How do you go about Emotional Healing?


Let’s say you have recognised that emotional healing is crucial to your wellbeing and a contented, peaceful life. But now you are faced with the million dollar question: how do you actually go about emotional healing.

The main reason why I want to share my personal story of the traumatic illness of my late husband and my own recovery from that loss and trauma is this: I would like to plant the seed in you that emotional healing is possible. I am not saying it’s easy or smooth or fast. But it is my hope that you might open the door to possibilities.

Today as I write this article I can say that I am happier within myself than I have ever been. This inner connectedness and fulfilment does not erase my pain of loss. But the pain of loss no longer erases my happiness. The two co-exist.

I feel so strongly about sharing my story of loss, recovery and emotional healing that I am writing a memoir about it. I believe that emotional wellbeing is possible, even after experiencing trauma. It is important to be aware though that emotional healing and wellbeing is not something that happens by accident. It is an art. Even the most talented artists don’t become masters without practice. Emotional wellbeing needs to be nurtured. It needs to be given attention and input.

There are steps that you can take to consciously bring contentment, fulfilment and joy as a state of being into your life. It’s a gradual process. Immediate change bit by bit. Also, remember, you don’t have to do it on your own. Emotional support is available. This may be through friends or a professional who is trained in being able to offer guidance, care and resources. When seeking emotional support from people that are close to you, be aware that your friends and family are emotionally connected to you. If they care about you deeply, your distress may cause them distress. Also, they bring their own set of beliefs and points of view to the situation you wish to resolve, and this may present a roadblock to your own recovery. This is not necessarily the case; it very much depends on the situation and the person. Friends can be an enormous support. You just need to be aware that they are not neutral towards the situation.

I had incredible emotional support from one girlfriend in particular. Whilst my husband was in hospital, almost every day, certainly every week dramatic and often traumatic incidences happened. Because he was locked in his body, unable to move  at all, so much started to go wrong with his body. His muscles began to contract wildly causing enormous pain. I was a layperson, without any medical knowledge. I would be given snippets of information from a registrar, then other information from a specialist and yet different info from a nurse. The most disheartening thing was the negativity from many doctors with which I was confronted, causing additional and unnecessary heartache.

Here is one of many incidences. My husband had a tracheostomy[i] as he could not breathe on his own. One day I was told that he could have the tube removed. This, I was informed, involved the physiotherapist slowly weaning him off the tracheostomy tube. The process was started. One morning, the registrar made a point to see me in order to tell me that he thought the removal of the tracheostomy tube was not going well and that I should know that “your husband may never have it removed”. This was extremely distressing as my husband’s transfer from the hospital to the rehabilitation clinic was conditional upon the removal of the tube. Otherwise – where would he go?? The thought of my husband living in an aged care facility at age 42 was too much to bear. No other facility offers rehabilitation such as highly specialised physiotherapy – and with it hope for any future quality of life. I was shattered and devastated by this news that he may never have it removed. Shortly after receiving this news, the physiotherapist informed me that the weaning process was going well. (Weaning refers to the process of learning to breathe without the tube). The tube was removed.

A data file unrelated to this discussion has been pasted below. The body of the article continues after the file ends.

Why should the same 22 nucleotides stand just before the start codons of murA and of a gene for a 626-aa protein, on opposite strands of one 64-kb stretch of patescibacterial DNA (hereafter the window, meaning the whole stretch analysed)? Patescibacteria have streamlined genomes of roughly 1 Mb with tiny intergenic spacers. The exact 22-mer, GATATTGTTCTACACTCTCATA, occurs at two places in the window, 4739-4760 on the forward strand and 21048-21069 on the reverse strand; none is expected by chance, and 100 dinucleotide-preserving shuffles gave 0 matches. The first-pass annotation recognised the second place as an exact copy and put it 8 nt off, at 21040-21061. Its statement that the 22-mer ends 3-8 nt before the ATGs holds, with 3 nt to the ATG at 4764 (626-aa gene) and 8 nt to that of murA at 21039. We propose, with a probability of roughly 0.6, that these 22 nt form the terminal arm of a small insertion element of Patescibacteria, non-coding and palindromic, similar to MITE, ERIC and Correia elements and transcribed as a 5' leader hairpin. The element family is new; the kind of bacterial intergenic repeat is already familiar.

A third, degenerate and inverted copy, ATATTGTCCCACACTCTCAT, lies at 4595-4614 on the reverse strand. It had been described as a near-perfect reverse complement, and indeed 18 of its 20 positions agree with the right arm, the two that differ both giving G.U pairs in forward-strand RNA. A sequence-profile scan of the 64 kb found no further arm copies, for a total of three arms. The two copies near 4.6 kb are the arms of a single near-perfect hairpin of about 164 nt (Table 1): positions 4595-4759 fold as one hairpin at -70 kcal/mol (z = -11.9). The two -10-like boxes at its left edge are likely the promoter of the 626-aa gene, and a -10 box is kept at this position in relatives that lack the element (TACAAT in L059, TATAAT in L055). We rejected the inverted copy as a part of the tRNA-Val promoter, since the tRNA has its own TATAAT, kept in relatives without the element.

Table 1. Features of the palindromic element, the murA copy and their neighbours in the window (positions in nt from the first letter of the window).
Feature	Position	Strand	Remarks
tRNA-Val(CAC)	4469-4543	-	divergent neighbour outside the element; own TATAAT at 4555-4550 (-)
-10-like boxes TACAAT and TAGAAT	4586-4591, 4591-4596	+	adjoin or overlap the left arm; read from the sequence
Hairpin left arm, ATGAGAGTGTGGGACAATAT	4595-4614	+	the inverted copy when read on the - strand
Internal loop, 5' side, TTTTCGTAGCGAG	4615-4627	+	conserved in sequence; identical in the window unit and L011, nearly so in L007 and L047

During these distressing times which occurred regularly and frequently over the nearly eight months that my husband was locked into his body I needed someone to talk to about my despair and shattered hope. I had never experienced despair in my life before. My girlfriend was always there to listen with incredible empathy. Not that many people have the gift to offer such a level of empathy. I was fortunate to have such a good friend who showed up for me in such a caring and supportive way.

I would like to share the tools how I personally recovered and healed from my trauma. There are tangible things you can do to address your emotional wounding. Here are 7 signposts to guide your way towards emotional healing and wellbeing.

1. Decide To Be Happy
    You must decide that you really want happiness in your life.

    No-one else can make that decision for you

2. Gratitude
    Appreciate whatever is wonderful in your life, however small, every day.

3. Releasing Resistance
    This is the path to inner freedom. It takes courage & willingness to let go.

4. Accept Where You Are Right Now
    Accept all of your emotions, desires & mistakes– they require no justification.

5. Embrace Your Emotions
    Your emotions are your GPS system into your heart and subconscious

6. Have An Optimistic Attitude Towards Your Life
     An optimistic attitude means that you expect good things to happen to you

7. Forgive Others Who Have Wronged You

     Holding onto blame and anger is detrimental to your wellbeing.

     Feel the hurt or rage when it occurs appropriately to an experience – and then let it go.